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Articles tagged with: Eating Disorders

Examining emotion regulation in anorexia patients

March 10, 2015. Written by Lucene Wisniewski, PhD
  • WordsWithWisniewski

    Without effective treatment, eating disorders can be chronic and life threatening. Therefore as patients, we should be well-informed consumers of the treatment we receive. In fact, being armed with accurate information about what constitutes best practices in treatment could be the difference between life and death.

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Now Open in Pittsburgh, PA!

March 02, 2015.
  • photo of Pennsylvania skyline

    The Emily Program is excited to announce that our Pittsburgh location is now open and accepting new clients.

    Eating disorders disrupt the lives of some 130,000 males and 296,000 females in Pennsylvania every day. The Pittsburgh office is being led by eating disorder expert Liz McCabe, who is committed to helping individuals in the area recover.

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Yoga: Breath of Joy

February 23, 2015.
  • By Lisa Diers, RD, LD, E-RYT, Director of Nutrition and Yoga Services Manager

    Today's focus is a popular pose at TEP- Breath of Joy! When I ask our students what they like about the pose I often hear responses like: "It makes me smile", "I feel less stressed after doing it", "I am not as crabby", "It's silly and fun." Well, what's not to love about that?!

    A few benefits of Breath of Joy you may experience: Less Stress or anxious feeling, increased circulation in the body, increased energy levels or increased number of smiles.

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Zumba: An Unexpected Weapon

February 17, 2015.
  • This is one person's story; everyone will have unique experiences on their own path to recovery and beyond. Some stories may mention eating disorder thoughts, behaviors or symptom use. Please use your own discretion. And speak with your therapist when needed.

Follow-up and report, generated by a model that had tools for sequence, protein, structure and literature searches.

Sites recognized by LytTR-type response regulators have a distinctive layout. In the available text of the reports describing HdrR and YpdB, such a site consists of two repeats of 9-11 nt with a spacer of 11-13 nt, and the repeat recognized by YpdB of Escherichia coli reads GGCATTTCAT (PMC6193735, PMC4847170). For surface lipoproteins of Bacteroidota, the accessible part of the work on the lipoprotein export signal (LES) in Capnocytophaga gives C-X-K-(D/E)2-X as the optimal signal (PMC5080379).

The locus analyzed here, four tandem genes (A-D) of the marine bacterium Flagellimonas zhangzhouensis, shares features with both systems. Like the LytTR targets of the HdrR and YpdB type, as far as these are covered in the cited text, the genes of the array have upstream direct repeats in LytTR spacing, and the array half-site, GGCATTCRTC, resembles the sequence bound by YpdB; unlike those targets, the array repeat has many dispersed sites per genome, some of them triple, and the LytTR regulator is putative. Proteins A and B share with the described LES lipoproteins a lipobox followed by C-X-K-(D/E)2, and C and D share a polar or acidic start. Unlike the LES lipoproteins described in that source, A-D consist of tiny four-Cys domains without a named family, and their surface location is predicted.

By Dallas Rising, a former The Emily Program client and woman in recovery

    My eating disorder, like so many others, loves numbers. It loves everything from calories to weight to clothing size. But the numbers it really gets worked up about are numbers associated with exercise.

    When my eating disorder was at full volume, it would make unending noise about "exercise numbers." If these numbers didn't grow (as opposed to the smaller set of numbers that I wanted to shrink), my eating disorder would pummel me with horrible self-image beliefs and I would feel the need to punish myself in order to appease it.

    It won't come as a surprise, then, that part of my recovery plan was to cancel my gym membership.

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What is Your Gut Telling You?

February 17, 2015.
  • By Lisa Diers, RD,LD, E-RYT Director of Nutrition and Yoga Services Manager

    Many of us are familiar with the phrase "trust your gut" and now science is starting to show us why that saying couldn't be more relevant or important. In fact, the gut has been coined as "the second brain" because we are beginning to fully understand the complexity of the gut, the important role it plays in communication to the brain and the mechanisms by which the two are linked -- driving many bodily functions from nutrient absorption to serotonin production. As the importance of gut health and it's relation to overall health continues to unfold, you may find yourself both curious and confused about your own gut health. When it comes to the complexities of the gut, I equate it to the complexity of our galaxy. I know my spatial orientation and I can identify the big and little dipper. Beyond that I need to stop, pull out my astronomy guide and consult with someone more knowledgeable in this area. If you are suspecting you are suffering from gut related distress, it is important you track your symptoms and find a resourceful navigator like a registered dietitian, physician, gastroenterologist or another trained health care provider as you start your journey to healing your GI tract.